The heart of Altobello’s class remains engagement with local start-ups. Students have worked with businesses like Lighthouse Beer and Wine, Legacy Eyewear and Sea Love Sea Salt.

Early in the semester, local entrepreneurs visit Altobello’s class and present their businesses; students pick their favorites. Then, Altobello tries to line students up with their skill-set outside business. Frequently, that means students with a film background.

Jillian Carney, on of Altobello’s students in the spring semester, is a taking the class as part of her minor in entrepreneurship and innovation, but her major is in film. Carney said she wanted to have the business skills necessary for film.

Carney said, “Every film is a little start-up. You need to know how to fund it, how to staff it, how to promote it. So, that’s what we’re learning here.”

Carney and her class partner are working with the Wilmington firm Zero Cares; the local company makes non-toxic deodorant and has worked with Altobello on several classes. The company currently has a UNCW intern, as well.

The “deliverables” Carney promised Zero Cares were a social media campaign and a plan for promotional video, using Carney’s skills as a filmmaker.

“So, for example, we come up with a plan to boost their social media presence,” said Carney. “They have like 140 followers, and they want to get to about 2,000.”

Carney said a previous team from one of Altobello’s earlier classes had made a “very funny” video, but that Zero Cares needed something more focused and geared toward marketing.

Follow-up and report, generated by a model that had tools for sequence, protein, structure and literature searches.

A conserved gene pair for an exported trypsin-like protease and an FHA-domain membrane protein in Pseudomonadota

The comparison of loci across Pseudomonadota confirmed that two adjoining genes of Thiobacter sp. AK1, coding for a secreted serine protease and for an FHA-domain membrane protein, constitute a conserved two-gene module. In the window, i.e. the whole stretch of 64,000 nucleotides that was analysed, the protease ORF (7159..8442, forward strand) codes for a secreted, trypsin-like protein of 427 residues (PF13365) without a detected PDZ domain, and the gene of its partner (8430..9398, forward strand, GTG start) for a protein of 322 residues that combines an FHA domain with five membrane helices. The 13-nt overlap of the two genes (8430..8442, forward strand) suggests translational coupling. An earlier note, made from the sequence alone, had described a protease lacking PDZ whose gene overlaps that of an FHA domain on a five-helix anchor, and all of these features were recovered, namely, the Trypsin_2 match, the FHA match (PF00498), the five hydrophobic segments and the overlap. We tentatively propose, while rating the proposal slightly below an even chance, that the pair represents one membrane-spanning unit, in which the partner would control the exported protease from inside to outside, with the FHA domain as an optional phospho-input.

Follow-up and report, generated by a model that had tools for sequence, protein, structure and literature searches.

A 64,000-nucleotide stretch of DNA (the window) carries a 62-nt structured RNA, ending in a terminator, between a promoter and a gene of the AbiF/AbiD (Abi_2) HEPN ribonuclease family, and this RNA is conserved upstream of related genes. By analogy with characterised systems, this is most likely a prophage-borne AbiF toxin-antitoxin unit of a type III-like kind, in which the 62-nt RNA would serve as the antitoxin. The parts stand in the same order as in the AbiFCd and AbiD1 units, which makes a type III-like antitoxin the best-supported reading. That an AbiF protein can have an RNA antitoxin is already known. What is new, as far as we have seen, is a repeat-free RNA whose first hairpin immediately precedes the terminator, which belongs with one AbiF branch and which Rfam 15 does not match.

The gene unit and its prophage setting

Gabrielle Despaigne (left) and John Luck (right), two filmmakers trying to develop their entrepreneurial skills. (Photo Benjamin Schachtman)
Gabrielle Despaigne (left) and John Luck (right), two filmmakers trying to develop their entrepreneurial skills. (Photo Benjamin Schachtman)

Gabrielle Despaigne and John Luck, who are also in this semester’s class, are both film makers as well. Despaigne said she wanted to be a producer.

“Not a lot of people not what a producer even does,” Despaigne said. “They’re really the person that makes a film.”

Luck, who said he wants to pursue freelance filmmaking acknowledged that he would “probably have to get a real job,” while pursuing his passion in the free time.  Luck and Despaigne are working with PermitZone, a Myrtle Beach startup that streamlines the permitting process for DIY construction projects.

Altobello said the she’s become invested heavily in both the students and the local businesses. The only drawback to the class, she said, is that both parties get carried away.

“Students tend to go way past what I’ve asked of them,” Altobello said. “Take social media plans – they’re supposed to pitch a strategy, but they usually want to see it through. They’ll stay involved after the class is over. I have to rein them in a little. The businesses, too, get carried away. They get so excited to have someone working with them and involved in their passion, they sometimes forget that these students are still students.”

An example is Graham Freels, a prior student of Altobello’s. Freels produced a video for Zero Cares, when it was doing business as Ozone Layer.

Altobello said, “it might not be the perfect video for a Kickstarter, but the enthusiasm is absolutely undeniable.” Freels went on to work with Zero Cares on their future projects. Altobello said, “when things like that happen, I can say, ‘yeah, that’s why I’m doing this.’”

Watch now: Freels’ video, produced with Dr. Bolduc and the support and equipment of the UNCW Communication Studies department.